If your hands swell, it can be hard to grip or hold any objects or continue your daily activities. It can be difficult in unimaginable ways, and usually, the swelling is caused by fluid retention, a rise in body temperature, or arthritis. While some causes may improve on their own and not be a cause of worry, others can escalate to a level that can damage
your hand structures. It all depends on the cause of your swelling. It is never advised to take your swelling lightly or brush it under the carpet. It may be the beginning of a new condition, and you may never know about it unless you consult a health practitioner. Treatment would also depend on the cause of your hand swelling, but R.I.C.E. (rest, ice, compression, and elevation) can usually treat most causes of swelling. Sometimes even medications may help treat the swelling along with other methods.
Do you know arthritis is the most common cause of swollen hands and fingers? Inflammation in the joint can cause swelling and pain. As it worsens, it can be challenging to continue daily activities. There are different types of arthritis, such as osteoarthritis, rheumatoid arthritis, psoriatic arthritis, and gout.
· Osteoarthritis: Daily wear and tear can lead to cartilage damage.
· Rheumatoid arthritis: Joint swelling occurs in both hands.
· Psoriatic arthritis: Swelling of one or more fingers associated with psoriasis.
· Gout: It happens when extra uric acid in the body forms crystals in the joints.
An injury site such as bruises or any deformity can lead to swelling. It also includes fractures, dislocations, sprains, and strains. Also, when part of the hand is crushed, it leads to swelling.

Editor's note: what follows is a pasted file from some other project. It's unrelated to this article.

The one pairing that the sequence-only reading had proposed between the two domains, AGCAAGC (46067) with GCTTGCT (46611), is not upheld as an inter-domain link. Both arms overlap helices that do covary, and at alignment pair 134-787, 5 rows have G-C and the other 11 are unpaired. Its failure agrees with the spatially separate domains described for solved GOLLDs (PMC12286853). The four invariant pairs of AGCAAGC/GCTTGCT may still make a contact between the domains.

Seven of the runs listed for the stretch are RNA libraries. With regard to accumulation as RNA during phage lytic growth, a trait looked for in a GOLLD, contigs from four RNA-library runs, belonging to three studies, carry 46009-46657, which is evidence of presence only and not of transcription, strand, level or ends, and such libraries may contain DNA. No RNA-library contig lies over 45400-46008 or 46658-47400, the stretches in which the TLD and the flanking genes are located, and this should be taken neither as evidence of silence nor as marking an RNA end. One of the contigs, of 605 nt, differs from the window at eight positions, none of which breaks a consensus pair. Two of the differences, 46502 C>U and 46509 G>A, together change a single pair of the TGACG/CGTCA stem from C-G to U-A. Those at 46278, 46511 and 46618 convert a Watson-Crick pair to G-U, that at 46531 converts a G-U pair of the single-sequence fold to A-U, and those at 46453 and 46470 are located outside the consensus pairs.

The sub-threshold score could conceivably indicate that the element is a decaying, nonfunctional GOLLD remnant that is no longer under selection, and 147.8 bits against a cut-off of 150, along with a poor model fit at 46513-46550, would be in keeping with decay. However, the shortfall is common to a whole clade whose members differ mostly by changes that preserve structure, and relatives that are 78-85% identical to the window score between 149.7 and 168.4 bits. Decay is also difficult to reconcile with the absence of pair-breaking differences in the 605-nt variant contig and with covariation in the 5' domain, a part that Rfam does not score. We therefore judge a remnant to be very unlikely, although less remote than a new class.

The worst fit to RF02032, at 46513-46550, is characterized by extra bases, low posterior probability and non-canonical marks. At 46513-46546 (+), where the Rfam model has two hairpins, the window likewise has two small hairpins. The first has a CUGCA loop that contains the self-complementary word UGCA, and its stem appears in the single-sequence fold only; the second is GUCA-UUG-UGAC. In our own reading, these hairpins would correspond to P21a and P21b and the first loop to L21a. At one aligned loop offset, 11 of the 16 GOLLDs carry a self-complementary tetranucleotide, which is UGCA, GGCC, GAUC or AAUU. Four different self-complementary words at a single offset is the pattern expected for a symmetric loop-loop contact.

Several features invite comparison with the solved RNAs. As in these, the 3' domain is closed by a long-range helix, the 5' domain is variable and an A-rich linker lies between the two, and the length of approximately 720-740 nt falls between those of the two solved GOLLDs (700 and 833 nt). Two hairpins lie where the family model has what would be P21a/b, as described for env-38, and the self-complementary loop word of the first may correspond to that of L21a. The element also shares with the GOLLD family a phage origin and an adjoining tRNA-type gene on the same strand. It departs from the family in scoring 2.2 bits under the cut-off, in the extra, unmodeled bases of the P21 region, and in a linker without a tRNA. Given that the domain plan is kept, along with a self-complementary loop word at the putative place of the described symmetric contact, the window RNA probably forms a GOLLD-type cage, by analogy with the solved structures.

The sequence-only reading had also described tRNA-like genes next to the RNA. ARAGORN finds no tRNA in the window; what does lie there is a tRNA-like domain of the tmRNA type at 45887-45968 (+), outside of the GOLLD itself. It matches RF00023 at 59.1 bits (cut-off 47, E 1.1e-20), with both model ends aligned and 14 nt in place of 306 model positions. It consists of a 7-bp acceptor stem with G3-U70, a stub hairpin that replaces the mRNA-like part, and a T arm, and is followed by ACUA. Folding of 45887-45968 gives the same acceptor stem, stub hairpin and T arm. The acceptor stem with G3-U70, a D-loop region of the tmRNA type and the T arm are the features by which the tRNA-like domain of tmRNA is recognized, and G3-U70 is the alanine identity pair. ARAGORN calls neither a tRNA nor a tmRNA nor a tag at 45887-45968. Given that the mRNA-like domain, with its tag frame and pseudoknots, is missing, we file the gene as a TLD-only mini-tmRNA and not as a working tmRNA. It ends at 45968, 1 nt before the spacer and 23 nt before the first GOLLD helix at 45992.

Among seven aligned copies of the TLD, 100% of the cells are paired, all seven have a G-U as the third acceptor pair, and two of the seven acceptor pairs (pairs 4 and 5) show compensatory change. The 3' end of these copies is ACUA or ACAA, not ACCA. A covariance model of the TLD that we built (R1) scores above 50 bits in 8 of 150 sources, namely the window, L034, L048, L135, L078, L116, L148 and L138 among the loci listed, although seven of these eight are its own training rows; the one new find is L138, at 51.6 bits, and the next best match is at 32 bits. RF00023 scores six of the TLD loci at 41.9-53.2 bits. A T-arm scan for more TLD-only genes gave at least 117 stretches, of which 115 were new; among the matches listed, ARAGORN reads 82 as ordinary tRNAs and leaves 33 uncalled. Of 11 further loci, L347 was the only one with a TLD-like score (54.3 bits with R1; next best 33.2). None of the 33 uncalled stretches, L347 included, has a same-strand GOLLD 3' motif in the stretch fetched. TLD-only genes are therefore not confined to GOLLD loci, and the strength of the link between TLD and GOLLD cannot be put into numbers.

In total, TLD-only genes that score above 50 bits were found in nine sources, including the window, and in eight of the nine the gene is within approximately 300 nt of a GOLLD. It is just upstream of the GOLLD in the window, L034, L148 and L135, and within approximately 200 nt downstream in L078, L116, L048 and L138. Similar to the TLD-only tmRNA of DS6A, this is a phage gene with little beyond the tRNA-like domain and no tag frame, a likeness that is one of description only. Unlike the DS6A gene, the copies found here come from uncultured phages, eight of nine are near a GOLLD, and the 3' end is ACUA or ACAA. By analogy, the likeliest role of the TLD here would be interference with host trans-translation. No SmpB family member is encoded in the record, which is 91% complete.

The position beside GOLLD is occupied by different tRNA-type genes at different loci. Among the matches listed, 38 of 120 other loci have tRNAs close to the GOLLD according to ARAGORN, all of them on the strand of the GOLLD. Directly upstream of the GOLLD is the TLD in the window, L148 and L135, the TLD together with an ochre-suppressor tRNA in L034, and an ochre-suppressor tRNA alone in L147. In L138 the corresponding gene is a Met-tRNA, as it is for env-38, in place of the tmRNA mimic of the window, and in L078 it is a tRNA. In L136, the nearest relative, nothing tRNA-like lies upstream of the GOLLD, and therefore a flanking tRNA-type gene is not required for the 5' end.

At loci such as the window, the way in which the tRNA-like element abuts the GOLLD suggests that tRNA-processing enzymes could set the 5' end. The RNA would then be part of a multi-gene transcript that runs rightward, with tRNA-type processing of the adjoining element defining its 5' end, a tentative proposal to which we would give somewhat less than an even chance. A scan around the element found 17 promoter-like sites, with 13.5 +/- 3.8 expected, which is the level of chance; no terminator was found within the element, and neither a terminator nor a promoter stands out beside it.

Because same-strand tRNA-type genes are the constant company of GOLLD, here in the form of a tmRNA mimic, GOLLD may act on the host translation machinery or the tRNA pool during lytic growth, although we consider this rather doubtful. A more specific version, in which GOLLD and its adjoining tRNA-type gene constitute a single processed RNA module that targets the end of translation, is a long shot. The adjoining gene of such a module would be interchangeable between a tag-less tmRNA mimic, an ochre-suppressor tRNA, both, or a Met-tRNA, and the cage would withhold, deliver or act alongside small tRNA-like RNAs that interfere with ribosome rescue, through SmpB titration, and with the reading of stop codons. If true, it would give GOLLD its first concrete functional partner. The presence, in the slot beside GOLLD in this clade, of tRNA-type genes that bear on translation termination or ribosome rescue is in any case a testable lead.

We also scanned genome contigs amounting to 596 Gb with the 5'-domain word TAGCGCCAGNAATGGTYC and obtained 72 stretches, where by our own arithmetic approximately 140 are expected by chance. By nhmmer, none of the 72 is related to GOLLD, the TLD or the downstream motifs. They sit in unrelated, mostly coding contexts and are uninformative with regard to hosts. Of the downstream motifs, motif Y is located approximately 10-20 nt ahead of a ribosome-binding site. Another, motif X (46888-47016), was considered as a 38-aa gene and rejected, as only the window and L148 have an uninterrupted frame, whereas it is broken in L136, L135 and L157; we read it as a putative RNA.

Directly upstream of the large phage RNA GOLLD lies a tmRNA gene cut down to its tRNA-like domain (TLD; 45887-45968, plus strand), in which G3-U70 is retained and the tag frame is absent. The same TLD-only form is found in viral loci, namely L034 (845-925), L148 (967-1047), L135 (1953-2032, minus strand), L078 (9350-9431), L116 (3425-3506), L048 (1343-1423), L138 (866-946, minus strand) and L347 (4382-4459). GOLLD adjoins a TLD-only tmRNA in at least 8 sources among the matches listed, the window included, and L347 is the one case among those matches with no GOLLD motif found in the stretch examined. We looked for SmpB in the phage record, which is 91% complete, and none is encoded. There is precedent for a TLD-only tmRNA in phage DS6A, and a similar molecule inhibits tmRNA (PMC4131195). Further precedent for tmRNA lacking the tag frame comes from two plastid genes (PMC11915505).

If your skin breaks or has cuts, it is more like to get a bacterial infection. Then white blood cells rush to the site to clear away the infection, leading to swelling.
It happens when your body reacts to a foreign substance. Your body produces substances known as antibodies. When you get allergies, your body produces antibodies to protect you from external substances. Any allergy can range from mild to severe, and in some cases, it can trigger life-threatening reactions.
It can increase the blood flow to your heart, lungs, and muscles and reduce the blood flow to your hands, making them cold.
Sometimes medications can lead to swelling in treating blood pressure, diabetes, etc. However, swelling may not be a common side effect of the medicine.
Usually, the swelling caused by salt may last for a day or two. If your diet has a high concentration of salt, then your body tries to retain water to dilute the salt. Then water retention leads to swelling in the hands and fingers.
At FORM Hand in Fremont, we can help you manage your arthritis or assess your hand swelling to determine a treatment course if an injury causes it. Contact us today to schedule your consultation!